At least three big banks have opted out of a new process to get Paycheck Protection Program loans canceled directly by the Small Business Administration, The Intercept has learned, leaving their small business clients no other recourse if the banks refuse to cancel loans or drag out the process.
Bank of America, JPMorgan Chase and PNC have all decided to step down, according to emails shared with The Intercept.
They are major players in the program, which Congress created to provide loans to businesses to spend on payroll and other qualifying expenses to help overcome closures. From at the end of May, JPMorgan Chase was the number one PPP lender, followed by Bank of America in second place; PNC is No. 11. In total, lenders representing only half of all outstanding PPP loan cancellation requests have opted, according to the SBA.
PNC recently emailed Jesse Grund, owner of Unconventional Strength personal training studio in Orlando, Florida, saying, âConsidering we’ve already built a streamlined end-to-end digital portal and review process. partner for your PPP pardon request; we will refuse to use the SBA Forgiveness Portal.
Grund still did not get his $ 5,000 PPP loan canceled and instead the PNC told him that his “correct maximum loan amount” was only $ 917, leaving him on the hook for the rest. . “It’s PNC’s fault that I got this money,” he said. âNow you want to come back to me for that. “
At the onset of the pandemic, small business owners were urged to flock to the Paycheck Protection Program. The loans were made with the promise that they would be canceled and essentially turned into grants if used properly.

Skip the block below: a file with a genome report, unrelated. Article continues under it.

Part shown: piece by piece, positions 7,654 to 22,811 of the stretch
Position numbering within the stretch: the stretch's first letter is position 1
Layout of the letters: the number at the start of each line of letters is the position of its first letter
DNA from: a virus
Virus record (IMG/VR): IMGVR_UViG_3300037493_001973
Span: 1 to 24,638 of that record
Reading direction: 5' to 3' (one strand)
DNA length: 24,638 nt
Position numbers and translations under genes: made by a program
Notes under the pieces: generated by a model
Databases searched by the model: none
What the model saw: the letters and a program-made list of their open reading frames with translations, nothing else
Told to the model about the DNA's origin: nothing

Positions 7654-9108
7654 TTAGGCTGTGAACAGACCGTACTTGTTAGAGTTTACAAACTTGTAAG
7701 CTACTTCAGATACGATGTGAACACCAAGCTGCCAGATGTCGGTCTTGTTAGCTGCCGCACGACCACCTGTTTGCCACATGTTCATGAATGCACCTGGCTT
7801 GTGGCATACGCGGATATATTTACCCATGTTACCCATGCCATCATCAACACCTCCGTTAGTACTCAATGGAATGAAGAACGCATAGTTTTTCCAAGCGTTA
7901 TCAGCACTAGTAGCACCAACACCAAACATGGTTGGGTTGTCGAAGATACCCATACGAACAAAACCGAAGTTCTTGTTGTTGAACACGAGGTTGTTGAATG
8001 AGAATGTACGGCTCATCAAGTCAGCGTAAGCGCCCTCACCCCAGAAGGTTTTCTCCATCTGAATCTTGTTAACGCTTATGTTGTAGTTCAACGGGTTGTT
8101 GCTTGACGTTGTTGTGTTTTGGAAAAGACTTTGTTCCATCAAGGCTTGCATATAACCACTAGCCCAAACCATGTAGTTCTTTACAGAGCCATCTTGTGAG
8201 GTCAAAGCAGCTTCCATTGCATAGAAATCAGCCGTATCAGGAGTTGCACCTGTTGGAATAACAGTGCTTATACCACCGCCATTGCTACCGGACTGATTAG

But many small business owners have struggled to get their loans canceled by the banks that issued them. Banks have been enticed to issue PPP loans because of the fees they have generated, but they do not charge any fees to pass the pardon, and they have dragged their feet. Of the total PPP loans that have been issued, less than half have been forgiven so far.
In response, the Small Business Administration, the government agency responsible for managing the program, announcement at the end of July, it would offer small business owners who took out PPP loans of $ 150,000 or less a way to bypass intransigent banks and ask the agency for forgiveness directly. Congress had, at one point at the end of last year, took into consideration automatically forgiving all loans under $ 150,000, but it never worked out.
But there was a fine print in the recent SBA announcement that many may have missed: Banks actually have to go through the direct process for small business owners to access it. And at least three greats refused.
“Forcing lenders to go into the process could have been disruptive,” SBA spokesman Terrence D. Clark said in an email. He noted that lenders continue to participate and the agency is carrying out outreach activities to encourage them to participate. “[W]e talk to lenders every day, âhe said. In a statement, Patrick Kelley, SBA associate administrator for the Office of Capital Access, said, “We encourage all lenders to join this tested portal.”